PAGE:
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Apricot Seeds for Cancer Treatment

Medically Reviewed by Gabriela Pichardo, MD on May 20, 2020

Apricot seeds are almond-shaped kernels inside the fruit’s pit, or stone. Raw apricot seeds contain a compound called amygdalin, which is an enzyme that your gut turns into cyanide.

Cyanide is a toxic chemical that is naturally found in small amounts in apples, peaches, lima beans, and other foods. You can get sick or die if you eat a lot of it.

Some people believe that the cyanide from eating apricot seeds can kill cancer cells. But there is no scientific evidence that this treatment works. In fact, they might be harmful.

It’s illegal to sell apricot products or extracts as drugs.

History of Amygdalin and Cancer

Amygdalin was used in Russia as early as in 1845 to treat cancer. In the 1940s, an American doctor named Ernst T. Krebs Sr. patented a man-made version of amygdalin called laetrile and pushed it as an anticancer drug. He was convicted of selling laetrile illegally. The FDA has banned laetrile since the 1970s.

Krebs and others claimed with little evidence that amygdalin targeted only cancer cells, not healthy ones. But studies later showed it can lead to cyanide toxicity, whose symptoms are similar to cyanide poisoning. It can make you dizzy and nauseated, damage your liver, and cause a coma or even death.

Amygdalin is also called vitamin B17. But that’s a term made up by Krebs’s son, Ernst T. Krebs Jr. Amygdalin and laetrile are not approved vitamins.

What the Research Says

So far, there haven’t been any controlled clinical trials on humans to prove that laetrile or apricot seeds have any anticancer effects.

Amygdalin studies on animals and in labs have turned up mixed results. Some found no benefits. Others showed amygdalin might help with pain or slow down or kill certain cells that cause tumors. That includes the ones in cancers of the:

Scientists continue to study how and if amygdalin might help fight cancer. Until they know more, they can’t say if amygdalin can be used safely, or at what amounts.

Risks of Apricot Seeds

We don’t know much about the safety of apricot seeds. Some experts say it’s a bad idea for adults to eat more than a few really small ones. Children shouldn’t eat apricot seeds. They may get sick if they eat more than half a seed.

Apricot seeds may be safer than amygdalin pills. Adults have ended up the hospital after eating 20-30 kernels.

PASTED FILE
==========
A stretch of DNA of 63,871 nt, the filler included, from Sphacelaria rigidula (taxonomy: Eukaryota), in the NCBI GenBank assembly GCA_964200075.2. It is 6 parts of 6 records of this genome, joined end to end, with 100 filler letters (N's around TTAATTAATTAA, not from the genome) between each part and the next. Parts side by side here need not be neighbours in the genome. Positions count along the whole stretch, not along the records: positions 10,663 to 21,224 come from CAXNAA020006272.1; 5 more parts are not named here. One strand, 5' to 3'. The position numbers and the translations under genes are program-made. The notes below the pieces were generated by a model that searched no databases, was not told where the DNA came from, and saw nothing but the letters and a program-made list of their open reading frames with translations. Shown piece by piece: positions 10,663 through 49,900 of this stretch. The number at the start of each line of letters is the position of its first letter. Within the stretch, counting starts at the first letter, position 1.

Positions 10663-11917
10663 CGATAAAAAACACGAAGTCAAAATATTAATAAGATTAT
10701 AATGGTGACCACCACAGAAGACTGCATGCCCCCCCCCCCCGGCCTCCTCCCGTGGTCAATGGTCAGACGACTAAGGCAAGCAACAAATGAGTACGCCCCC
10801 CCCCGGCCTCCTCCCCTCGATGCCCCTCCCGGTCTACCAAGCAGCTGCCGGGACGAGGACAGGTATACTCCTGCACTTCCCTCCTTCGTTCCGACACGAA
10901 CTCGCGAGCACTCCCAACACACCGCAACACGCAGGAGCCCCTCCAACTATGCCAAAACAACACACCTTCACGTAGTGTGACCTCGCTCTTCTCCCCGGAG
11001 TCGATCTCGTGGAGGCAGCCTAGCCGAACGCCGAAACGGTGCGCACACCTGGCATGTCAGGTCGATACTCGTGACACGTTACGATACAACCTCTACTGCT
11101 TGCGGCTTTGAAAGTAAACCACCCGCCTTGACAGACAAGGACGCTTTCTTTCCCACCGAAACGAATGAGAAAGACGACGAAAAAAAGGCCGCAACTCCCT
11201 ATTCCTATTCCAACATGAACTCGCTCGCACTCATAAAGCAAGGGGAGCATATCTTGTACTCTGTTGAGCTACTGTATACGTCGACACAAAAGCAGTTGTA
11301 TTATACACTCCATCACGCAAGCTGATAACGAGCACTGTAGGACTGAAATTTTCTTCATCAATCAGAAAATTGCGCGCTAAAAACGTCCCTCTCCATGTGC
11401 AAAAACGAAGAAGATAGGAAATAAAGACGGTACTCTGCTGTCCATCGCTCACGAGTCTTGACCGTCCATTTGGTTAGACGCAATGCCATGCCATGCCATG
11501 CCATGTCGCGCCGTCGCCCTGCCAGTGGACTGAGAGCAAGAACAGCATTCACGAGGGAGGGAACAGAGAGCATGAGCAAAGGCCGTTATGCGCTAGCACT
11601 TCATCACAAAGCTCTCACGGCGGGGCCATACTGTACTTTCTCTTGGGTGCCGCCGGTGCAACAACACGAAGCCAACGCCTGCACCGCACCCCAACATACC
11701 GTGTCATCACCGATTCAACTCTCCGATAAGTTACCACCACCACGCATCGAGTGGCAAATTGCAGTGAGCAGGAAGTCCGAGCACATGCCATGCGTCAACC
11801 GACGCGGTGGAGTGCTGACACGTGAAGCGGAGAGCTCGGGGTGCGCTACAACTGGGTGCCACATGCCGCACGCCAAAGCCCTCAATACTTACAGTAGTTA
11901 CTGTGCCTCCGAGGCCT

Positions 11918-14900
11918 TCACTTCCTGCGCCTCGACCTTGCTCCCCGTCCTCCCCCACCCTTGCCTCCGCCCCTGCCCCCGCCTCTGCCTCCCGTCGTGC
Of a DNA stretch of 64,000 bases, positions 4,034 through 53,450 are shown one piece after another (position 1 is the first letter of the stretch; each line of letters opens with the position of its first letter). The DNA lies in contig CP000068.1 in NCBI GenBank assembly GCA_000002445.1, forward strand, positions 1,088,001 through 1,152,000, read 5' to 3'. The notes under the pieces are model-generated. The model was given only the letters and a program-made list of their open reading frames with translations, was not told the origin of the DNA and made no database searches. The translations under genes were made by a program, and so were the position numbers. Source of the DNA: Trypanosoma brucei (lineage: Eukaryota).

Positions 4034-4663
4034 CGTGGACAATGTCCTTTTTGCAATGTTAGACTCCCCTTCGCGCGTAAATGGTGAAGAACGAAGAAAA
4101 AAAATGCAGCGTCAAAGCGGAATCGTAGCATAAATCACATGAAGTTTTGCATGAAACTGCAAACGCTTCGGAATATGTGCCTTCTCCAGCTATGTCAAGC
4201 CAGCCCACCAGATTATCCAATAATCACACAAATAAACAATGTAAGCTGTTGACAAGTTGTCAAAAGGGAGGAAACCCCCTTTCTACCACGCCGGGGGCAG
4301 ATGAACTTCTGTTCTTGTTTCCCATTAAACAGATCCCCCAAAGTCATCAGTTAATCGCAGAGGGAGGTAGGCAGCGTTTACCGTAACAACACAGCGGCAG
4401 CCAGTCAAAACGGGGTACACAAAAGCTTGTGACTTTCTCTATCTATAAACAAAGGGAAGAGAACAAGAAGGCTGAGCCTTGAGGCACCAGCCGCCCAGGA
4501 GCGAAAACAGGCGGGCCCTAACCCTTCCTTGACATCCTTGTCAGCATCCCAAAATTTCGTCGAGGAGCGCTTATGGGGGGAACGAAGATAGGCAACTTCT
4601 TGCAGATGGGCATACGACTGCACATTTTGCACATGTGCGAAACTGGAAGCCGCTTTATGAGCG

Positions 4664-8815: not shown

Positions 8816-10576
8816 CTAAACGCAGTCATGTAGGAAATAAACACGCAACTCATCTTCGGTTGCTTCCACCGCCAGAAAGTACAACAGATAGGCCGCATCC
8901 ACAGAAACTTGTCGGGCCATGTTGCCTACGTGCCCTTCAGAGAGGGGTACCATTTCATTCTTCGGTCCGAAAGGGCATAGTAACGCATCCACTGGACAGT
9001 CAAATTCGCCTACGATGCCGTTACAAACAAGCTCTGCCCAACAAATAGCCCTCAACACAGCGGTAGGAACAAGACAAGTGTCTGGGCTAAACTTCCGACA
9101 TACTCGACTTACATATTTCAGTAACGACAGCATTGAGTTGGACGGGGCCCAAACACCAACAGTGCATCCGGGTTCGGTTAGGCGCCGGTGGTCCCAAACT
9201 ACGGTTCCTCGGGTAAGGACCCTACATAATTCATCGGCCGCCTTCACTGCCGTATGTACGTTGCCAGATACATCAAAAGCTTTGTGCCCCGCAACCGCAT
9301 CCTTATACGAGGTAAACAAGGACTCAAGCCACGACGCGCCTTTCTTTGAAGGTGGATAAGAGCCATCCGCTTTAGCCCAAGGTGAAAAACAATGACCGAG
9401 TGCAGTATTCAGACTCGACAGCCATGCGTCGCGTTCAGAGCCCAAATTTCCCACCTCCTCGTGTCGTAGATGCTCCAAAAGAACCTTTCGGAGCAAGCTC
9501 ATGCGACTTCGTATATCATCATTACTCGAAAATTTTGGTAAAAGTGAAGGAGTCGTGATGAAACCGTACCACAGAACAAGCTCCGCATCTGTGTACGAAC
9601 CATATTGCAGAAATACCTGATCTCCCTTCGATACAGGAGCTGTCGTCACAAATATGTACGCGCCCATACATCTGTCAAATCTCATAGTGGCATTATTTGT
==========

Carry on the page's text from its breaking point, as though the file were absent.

You also may get sick if you eat apricot seeds over a long period of time. And you shouldn’t pair amygdalin with extra vitamin C. That combo can push your cyanide levels even higher.

Symptoms of cyanide poisoning include:

In serious cases, you may have a seizure or even die. Get medical help right away if you think you have cyanide poisoning.

If you have cancer, talk to your doctor before you try any natural or alternative treatment. A healthy diet may lower your chances of getting cancer. And apricots and other fresh fruits pack a lot of vitamins, minerals, and antioxidants.

WebMD Medical Reference

Sources

SOURCES:

Food Standards Australia & New Zealand: “Apricot kernels (raw).”

Government of Canada: “Recalls and safety alerts.”

Memorial Sloan Kettering Cancer Center: “Amygdalin.”

Dana-Farber Cancer Institute: “Apricot Seeds: Do They Fight Cancer?”

FDA: “Illegally Sold Cancer Treatments,” “Closeout Letter: God Quest, Inc. d/b/a Creation Today.”

National Cancer Institute: “Laetrile/Amygdalin (PDQ) -- Patient Version.”

International Journal of Biochemistry and Pharmacology: “Experimental and Therapeutic Trials of Amygdalin.”

Cancer Medicine: “Recent updates and future perspectives about amygdalin as a potential anticancer agent: A review.”

Biochemistry and Biophysics Reports: “Effects of the Gut microbiota on Amygdalin and its use as an anti-cancer therapy: Substantial review on the key components involved in altering dose efficacy and toxicity.”

Anticancer Agents in Medicinal Chemistry: “Amygdalin from Apricot Kernels Induces Apoptosis and Causes Cell Cycle Arrest in Cancer Cells: An Updated Review.”

European Food Safety Authority Journal: “Acute health risks related to the presence of cyanogenic glycosides in raw apricot kernels and products derived from raw apricot kernels.”

Annals of Tropical Paediatrics: “Cyanide poisoning caused by ingestion of apricot seeds.”

BMJ Case Reports: “An unusual presentation of chronic cyanide toxicity from self-prescribed apricot kernel extract.”

CA: A Cancer Journal for Clinicians: “Unproven methods of cancer management: Laetrile.”

CDC: “Facts About Cyanide.”

American Cancer Society: “ACS Guidelines for Nutrition and Physical Activity,” “Benefits of good nutrition during cancer treatment.”

The New York Times: “Inquiry Casts Doubts on Laetrile Figures.”

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